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Higher and Further Education Minister speaks to HEPI annual conference

Thank you for that warm welcome, and for inviting me to speak here today at such an exciting time for HEPI and for our whole sector.

This year marks 20 years since HEPI was established – as the first independent higher education think tank in
the UK.

In its two decades of work, HEPI has made a major contribution to the sector and its reports continue to shape the future of higher education for the better. It is willing to entertain voices from across a broad spectrum of opinion and to be a home for debate.

HEPI has of course, also built a reputation as a think tank that values substance and meaningful reform over fads and arbitrary targets.

These are the values that are important to me too – putting substance and meaning first. And for the vision I have for higher education in the future, substantive and meaningful long-term progress is an absolutely necessity.

Because if we look ahead, higher education needs to drive talented people forward despite the changing nature of
careers. It needs to be a powerhouse of skills, filling skills gaps in communities up and down the country. It needs to continue its role as the engine of social mobility, lifting people of all backgrounds up so they can realise their talents.

And for any of those things to happen, quality is the pivotal factor that will determine whether we can achieve these goals. Because the idea that anyone, regardless of their background, can gain a degree from a world class institution is a concept that we take for granted, but that is fundamental to a meritocratic society.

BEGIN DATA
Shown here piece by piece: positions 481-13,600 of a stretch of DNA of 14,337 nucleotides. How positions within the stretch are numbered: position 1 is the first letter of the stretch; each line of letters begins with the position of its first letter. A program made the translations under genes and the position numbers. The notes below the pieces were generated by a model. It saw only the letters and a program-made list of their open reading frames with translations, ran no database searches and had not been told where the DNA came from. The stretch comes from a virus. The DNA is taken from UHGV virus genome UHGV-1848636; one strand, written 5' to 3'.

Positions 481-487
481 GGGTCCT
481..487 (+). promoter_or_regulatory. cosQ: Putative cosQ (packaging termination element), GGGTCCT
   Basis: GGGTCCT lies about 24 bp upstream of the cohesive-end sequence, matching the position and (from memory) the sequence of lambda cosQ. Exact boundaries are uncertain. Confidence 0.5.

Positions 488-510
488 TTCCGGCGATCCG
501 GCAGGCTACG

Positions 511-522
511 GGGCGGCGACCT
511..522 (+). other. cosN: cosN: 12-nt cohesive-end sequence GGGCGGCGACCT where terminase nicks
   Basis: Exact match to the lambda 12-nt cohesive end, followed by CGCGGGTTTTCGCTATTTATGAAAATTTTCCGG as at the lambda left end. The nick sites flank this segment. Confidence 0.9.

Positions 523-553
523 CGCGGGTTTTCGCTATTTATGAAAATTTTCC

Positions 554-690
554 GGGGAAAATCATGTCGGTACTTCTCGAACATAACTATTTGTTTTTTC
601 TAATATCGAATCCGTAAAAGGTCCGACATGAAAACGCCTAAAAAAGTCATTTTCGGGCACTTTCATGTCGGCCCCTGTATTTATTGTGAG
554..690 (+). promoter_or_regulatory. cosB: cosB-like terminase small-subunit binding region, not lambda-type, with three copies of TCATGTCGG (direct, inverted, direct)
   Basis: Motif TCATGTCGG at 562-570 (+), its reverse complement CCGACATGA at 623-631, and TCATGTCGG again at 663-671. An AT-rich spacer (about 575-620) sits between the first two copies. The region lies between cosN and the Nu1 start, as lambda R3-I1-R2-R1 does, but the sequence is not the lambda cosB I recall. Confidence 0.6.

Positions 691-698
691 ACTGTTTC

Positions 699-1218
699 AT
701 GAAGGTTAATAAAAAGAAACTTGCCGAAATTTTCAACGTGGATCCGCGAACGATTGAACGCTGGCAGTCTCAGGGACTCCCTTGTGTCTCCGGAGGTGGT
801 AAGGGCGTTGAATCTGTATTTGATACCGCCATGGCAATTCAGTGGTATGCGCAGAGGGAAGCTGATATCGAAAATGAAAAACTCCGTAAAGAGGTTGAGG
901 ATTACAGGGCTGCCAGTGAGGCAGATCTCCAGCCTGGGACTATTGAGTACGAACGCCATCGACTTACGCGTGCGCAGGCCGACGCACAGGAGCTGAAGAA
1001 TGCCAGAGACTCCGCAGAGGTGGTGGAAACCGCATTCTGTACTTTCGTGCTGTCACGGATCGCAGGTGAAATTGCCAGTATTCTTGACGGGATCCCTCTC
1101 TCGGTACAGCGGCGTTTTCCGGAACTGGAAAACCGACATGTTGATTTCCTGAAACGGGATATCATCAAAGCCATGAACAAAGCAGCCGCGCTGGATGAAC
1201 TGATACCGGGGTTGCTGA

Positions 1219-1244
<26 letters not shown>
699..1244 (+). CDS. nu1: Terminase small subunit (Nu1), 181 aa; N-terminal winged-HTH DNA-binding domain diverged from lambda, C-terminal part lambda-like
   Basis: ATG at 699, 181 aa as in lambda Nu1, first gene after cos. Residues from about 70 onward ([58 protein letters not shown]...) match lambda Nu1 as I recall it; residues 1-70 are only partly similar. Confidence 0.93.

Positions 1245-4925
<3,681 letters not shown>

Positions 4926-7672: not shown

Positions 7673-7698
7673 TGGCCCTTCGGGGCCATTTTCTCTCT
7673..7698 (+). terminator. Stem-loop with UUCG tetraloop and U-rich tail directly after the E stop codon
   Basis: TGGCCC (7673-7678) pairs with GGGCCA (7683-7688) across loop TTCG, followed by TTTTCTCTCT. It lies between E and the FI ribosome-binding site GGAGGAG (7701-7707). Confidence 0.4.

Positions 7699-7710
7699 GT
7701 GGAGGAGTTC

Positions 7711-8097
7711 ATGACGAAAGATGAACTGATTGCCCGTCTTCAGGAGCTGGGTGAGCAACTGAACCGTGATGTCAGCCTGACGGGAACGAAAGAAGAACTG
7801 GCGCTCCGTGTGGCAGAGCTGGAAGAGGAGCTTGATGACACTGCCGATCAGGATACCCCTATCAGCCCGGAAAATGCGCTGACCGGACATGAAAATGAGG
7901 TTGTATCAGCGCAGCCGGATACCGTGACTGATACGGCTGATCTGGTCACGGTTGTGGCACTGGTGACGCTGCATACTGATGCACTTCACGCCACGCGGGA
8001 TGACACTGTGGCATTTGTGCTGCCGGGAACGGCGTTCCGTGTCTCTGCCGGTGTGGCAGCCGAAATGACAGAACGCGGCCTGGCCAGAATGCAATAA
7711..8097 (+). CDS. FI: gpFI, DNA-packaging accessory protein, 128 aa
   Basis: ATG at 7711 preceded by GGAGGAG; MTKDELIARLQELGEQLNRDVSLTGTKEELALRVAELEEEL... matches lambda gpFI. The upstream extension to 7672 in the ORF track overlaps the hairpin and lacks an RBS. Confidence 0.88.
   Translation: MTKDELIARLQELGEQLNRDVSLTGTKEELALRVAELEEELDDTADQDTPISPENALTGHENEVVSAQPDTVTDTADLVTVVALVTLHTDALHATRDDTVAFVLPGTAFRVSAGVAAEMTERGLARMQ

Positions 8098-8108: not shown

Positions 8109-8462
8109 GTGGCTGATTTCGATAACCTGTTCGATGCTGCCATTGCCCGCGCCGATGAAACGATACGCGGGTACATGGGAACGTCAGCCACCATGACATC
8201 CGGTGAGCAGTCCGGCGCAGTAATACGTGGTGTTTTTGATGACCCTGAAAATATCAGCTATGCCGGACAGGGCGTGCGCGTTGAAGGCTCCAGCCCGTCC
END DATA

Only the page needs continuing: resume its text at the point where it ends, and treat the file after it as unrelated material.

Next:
Empowering the individual to change their own life through education is the best tool we have in levelling up the country. For me, this is not just a belief, it is a lived experience.

The same year HEPI was established, I started my first year of university as the first in my family. And many of the people I grew up with were not going to university. But I saw it as a springboard. One which opened so many opportunities for me.

Because it does all go back to quality. Quality of teaching, quality of curriculum and resources and most importantly quality of outcome. The evidence has shown, again and again, that it matters both what and where you study.

And let me clarify what I mean by outcome, I am not talking about something narrowly defined by salary. But it does mean courses where students are supported to complete the course, and where that course gives them the employability skills that will allow them to progress to a graduate job or further study.

Our status as a world class provider of higher education is a brilliant but fragile title, only lasting for as long as quality remains the focus. Part of that means being honest about where the problems are.